Ozone sonde flights resume

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This week at Davis: 12 July 2013

We have just started doing weekly ozone sonde flights again for the all important spring season, after forgetting all about them since last December. Like our regular daily sonde flights, the purpose is to bring back data about the state of the atmosphere, with the sonde carried by a big hydrogen filled balloon, transmitting back information over radio waves to our Bureau of Meteorology computer.

A normal sonde is the size of your fist and measures temperature, humidity, and atmospheric pressure, along with a GPS which measures wind direction and speed as the balloon rises with the air at about five metres per second. We release these every day and the data is mostly for weather forecasting models and climate records. The balloons rise to a height of 20-30 kilometres before they burst. In fact some months ago I even found the remains of one on a walk about ten kilometres from station! But most will be carried much further away. The chances of one landing on your head are quite low.

The ozone sonde is another package in addition to the normal sonde which has a little pump that sucks in air. This then goes to two little chemical cells, an anode and a cathode, where strange chemistry stuff happens. Don’t ask me about chemistry, it’s only a step above alchemy as far as I’m concerned – but the result is that a tiny electrical current indicates how much ozone gas is present.

Ozone is a company based in southern France that makes great paraglider wings and kites. It is also a gas that naturally occurs as UV radiation is absorbed in the stratosphere (higher than ten kilometres). The “ozone hole” you have probably heard about was discovered in 1985 and is due to the damaging affects of aerosols for various industrial and commercial applications containing CFC’s which were then banned, with production completely phased out by 1996.

Now in 2013 it looks like after the damage done decades ago, the ozone layer may finally be starting to recover. If it turns out to be true it will be great news. Although it looks like no matter what, I’ll still have to use sunscreen for the next several decades. Nevertheless, we were told during training that ozone flights this year could be the ones to confirm whether the ozone hole recovery is a trend or an anomaly.

Now would be a good time to thank the Davis support staff. They have recently done a great job fixing the ventilation fan. This is one of the safety systems we have for working with the hydrogen gas in the balloon room. It was starting to sound more like a jet turbine than a ventilation fan, and as we didn’t have any spare parts on station, we relied on some diesel mechanic magic to fix it before it self destructed. They managed to replace fan shaft and bearings without any interruption to our balloon programme. Good job!

To set up an ozone sonde takes quite some time. It is commenced over a week before the flight, and includes various tests, measurements, and checks. The sondes are also quite expensive, so you can imagine that it is quite disappointing if you see your package hit the ground and damage the delicate sonde package when you release the balloon. Ideally the winds will be light but for my release a blow had peaked just the night before and I was a little nervous.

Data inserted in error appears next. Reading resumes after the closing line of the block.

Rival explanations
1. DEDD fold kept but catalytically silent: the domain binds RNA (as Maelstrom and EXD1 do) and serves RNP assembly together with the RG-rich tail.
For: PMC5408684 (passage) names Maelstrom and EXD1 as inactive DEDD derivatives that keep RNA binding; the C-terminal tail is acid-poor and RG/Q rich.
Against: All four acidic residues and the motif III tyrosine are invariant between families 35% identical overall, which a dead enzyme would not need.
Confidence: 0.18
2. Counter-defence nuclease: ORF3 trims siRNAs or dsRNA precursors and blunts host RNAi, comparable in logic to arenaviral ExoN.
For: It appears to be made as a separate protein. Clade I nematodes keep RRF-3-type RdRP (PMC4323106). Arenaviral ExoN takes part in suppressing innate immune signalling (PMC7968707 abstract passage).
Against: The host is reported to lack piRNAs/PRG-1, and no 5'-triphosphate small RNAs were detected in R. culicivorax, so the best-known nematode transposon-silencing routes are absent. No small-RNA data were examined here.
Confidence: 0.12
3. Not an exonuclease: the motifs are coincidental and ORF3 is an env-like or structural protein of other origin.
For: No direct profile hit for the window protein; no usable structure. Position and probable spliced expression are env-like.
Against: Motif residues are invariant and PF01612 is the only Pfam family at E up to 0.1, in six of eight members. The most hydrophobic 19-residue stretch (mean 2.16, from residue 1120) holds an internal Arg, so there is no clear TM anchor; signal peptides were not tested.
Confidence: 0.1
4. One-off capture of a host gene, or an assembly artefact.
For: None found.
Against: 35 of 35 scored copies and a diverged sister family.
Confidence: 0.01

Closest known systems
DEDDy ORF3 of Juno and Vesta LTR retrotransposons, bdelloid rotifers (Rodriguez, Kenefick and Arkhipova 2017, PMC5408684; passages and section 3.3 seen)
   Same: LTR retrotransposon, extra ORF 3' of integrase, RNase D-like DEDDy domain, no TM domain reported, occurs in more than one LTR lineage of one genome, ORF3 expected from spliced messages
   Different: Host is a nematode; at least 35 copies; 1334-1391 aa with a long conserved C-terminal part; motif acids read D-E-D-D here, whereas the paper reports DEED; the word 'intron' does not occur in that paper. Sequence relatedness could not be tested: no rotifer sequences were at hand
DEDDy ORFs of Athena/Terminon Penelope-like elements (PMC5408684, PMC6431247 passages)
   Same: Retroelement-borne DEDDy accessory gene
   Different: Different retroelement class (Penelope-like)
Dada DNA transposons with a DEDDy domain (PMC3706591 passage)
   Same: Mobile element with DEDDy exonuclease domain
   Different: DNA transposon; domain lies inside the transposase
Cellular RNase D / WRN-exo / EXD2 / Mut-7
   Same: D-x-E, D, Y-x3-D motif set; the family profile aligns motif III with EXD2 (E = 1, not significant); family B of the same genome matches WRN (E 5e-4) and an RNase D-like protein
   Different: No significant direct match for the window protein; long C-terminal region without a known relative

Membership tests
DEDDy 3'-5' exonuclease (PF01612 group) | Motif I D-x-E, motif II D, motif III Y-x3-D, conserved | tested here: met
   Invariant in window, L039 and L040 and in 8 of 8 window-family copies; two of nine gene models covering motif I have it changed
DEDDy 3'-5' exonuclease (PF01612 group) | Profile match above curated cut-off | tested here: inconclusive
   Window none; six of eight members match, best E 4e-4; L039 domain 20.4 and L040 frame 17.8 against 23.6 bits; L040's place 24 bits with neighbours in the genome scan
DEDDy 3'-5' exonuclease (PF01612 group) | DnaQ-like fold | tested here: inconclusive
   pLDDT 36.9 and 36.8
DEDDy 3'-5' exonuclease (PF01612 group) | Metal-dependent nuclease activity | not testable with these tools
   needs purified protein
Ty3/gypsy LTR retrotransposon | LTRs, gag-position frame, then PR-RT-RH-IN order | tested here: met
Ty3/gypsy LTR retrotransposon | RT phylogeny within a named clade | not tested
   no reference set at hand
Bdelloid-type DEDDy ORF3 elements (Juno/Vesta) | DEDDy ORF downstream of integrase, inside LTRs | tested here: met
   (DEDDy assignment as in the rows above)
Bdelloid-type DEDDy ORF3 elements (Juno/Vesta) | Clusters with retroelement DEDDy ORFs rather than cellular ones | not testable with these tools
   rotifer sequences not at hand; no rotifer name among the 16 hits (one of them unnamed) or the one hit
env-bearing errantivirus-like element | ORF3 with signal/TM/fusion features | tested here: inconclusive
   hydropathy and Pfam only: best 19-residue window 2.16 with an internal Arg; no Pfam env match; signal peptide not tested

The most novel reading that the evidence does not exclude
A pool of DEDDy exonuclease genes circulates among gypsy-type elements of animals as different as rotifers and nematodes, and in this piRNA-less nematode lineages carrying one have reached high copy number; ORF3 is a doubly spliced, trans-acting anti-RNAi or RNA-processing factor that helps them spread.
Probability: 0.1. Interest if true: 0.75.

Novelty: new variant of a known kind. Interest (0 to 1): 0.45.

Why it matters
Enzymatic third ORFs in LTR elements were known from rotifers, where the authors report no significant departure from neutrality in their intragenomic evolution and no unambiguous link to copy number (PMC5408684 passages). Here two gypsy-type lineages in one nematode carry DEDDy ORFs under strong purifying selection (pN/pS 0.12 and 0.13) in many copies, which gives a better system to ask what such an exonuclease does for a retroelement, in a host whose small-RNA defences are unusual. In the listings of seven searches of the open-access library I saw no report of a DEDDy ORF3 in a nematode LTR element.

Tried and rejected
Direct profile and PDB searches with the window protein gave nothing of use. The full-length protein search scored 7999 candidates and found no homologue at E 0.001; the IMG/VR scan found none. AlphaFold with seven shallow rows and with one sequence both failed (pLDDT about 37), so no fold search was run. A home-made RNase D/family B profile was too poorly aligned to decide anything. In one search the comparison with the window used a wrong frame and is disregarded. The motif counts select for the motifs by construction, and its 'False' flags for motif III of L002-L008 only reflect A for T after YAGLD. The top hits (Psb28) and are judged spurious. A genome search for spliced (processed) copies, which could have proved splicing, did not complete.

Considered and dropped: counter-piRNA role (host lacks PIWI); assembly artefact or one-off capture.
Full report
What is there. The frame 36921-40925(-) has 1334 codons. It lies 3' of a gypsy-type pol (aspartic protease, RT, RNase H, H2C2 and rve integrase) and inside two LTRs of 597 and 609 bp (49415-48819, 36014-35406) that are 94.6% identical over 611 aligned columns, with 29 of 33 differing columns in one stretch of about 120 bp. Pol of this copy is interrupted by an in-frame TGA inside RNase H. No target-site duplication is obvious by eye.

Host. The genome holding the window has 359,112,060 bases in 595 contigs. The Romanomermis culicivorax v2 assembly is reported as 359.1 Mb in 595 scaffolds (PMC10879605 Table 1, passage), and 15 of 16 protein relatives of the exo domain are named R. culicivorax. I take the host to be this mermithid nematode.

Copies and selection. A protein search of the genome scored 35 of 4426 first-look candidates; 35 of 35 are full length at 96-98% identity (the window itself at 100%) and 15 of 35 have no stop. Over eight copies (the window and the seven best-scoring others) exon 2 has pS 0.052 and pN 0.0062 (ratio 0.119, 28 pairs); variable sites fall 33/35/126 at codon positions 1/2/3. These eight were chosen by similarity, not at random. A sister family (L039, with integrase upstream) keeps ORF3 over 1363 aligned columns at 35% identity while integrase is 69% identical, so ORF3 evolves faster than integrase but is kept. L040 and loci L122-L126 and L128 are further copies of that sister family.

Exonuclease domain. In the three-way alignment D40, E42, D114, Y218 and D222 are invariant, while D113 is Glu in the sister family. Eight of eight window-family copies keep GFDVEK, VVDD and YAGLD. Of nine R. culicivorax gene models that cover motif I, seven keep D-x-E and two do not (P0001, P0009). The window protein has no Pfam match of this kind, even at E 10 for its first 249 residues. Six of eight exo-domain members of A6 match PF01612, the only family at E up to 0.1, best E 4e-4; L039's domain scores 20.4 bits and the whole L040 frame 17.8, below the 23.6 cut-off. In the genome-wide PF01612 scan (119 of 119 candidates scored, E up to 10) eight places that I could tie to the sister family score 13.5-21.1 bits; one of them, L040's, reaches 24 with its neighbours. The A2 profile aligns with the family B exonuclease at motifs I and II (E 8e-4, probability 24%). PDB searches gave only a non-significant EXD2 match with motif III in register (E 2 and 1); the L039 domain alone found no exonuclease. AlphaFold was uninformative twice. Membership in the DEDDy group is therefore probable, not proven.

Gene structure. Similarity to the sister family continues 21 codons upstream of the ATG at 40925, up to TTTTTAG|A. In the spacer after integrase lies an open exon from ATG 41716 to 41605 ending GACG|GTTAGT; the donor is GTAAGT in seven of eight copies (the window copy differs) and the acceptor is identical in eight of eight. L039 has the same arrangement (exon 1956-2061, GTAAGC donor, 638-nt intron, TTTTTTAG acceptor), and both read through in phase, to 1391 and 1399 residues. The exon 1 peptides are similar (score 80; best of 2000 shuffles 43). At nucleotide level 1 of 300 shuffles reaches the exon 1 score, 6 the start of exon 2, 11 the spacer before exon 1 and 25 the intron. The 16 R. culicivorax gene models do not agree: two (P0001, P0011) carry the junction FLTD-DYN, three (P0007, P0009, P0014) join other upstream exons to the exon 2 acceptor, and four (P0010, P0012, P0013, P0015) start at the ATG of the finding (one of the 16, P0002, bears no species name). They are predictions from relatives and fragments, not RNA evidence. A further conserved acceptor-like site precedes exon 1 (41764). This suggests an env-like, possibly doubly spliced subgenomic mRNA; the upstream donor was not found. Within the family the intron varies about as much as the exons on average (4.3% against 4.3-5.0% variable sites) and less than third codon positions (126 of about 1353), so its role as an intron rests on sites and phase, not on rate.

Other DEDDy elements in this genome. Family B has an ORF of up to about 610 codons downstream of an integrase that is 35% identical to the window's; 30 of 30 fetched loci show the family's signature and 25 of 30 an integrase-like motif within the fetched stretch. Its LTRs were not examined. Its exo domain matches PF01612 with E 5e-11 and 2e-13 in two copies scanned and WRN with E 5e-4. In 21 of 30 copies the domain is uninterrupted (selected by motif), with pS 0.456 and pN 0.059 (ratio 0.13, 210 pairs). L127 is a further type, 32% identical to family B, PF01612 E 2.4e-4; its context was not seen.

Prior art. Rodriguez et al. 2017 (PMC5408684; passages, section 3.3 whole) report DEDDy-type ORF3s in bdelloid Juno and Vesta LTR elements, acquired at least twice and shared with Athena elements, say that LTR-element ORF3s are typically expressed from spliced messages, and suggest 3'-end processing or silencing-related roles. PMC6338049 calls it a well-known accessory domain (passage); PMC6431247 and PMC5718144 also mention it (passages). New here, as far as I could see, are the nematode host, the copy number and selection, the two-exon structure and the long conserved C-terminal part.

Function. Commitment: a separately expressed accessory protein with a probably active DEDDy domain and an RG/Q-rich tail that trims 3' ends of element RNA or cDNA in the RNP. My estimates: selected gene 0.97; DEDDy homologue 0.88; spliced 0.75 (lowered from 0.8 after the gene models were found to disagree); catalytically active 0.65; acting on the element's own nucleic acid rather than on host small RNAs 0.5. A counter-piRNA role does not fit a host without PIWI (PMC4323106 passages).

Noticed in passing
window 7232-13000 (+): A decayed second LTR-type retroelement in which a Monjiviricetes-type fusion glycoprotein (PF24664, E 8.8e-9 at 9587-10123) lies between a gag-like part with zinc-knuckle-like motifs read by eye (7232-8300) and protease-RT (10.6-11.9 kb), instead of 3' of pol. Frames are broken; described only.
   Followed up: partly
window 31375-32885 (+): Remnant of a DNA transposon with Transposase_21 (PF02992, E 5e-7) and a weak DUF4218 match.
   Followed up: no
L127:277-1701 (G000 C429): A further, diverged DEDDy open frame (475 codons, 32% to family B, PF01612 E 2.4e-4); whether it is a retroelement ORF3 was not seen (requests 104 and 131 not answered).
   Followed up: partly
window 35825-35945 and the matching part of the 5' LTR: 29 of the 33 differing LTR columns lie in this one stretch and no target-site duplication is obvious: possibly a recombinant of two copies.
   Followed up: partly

The weather (wind) forecast for the next few days wasn’t looking any better so I decided to give it a go, and with a little adrenaline I ran the balloon out the door and got it away safely in 25 knots. For the next few hours I kept an eye on it on the computer as it rose to a height of 27754 metres before the balloon burst. With an atmospheric pressure reaching 9.9hPa the balloon would have expanded to approximately one hundred times the original volume! That was definitely a good result, and what’s more, the instrumentation inside continued to function and deliver good data, even with outside temperatures getting as low as -89.3 degrees Celsius. Since I had to get up an hour earlier to prepare it, I was very happy it worked!

On the topic of ozone, as I write this I think I have spotted another polar stratospheric cloud (PSC). PSC’s look pretty, but they actually are associated with ozone depletion. Since they are so high, they are illuminated by the sun in twilight hours, when normal clouds (stratocumulus, altostratus, cirrus, etc) are still below the suns rays. At this time of year we have a lot of twilight hours so we see them more often. I’ve also spotted them on 3, 4, 18 June.

Observer wearing protective attire releasing an 800gm balloon with radiosonde, green Aurora Australis in the background
Releasing a (normal) sonde
(Photo: Nick N)
A Latex balloon suspended from the ceiling to drain off excess ATK
A balloon treated for cold temperatures and hung ready to go
(Photo: Nick N)
Desktop showing Ozone sonde and calibration equipment
Ozone and sonde paraphernalia
(Photo: Nick N)
Horizon photo showing polar stratospheric cloud, 4 June
PSC (illuminated with ribbon appearance), 4 June
(Photo: Nick N)
Horizon photo showing polar stratospheric cloud, 7 July
I think Iíve spotted another PSC, 11:16am 7 July
(Photo: Nick N)
Horizon photo showing polar stratospheric cloud, 7 July
PSC, 4:47pm, 7 July
(Photo: Nick N)
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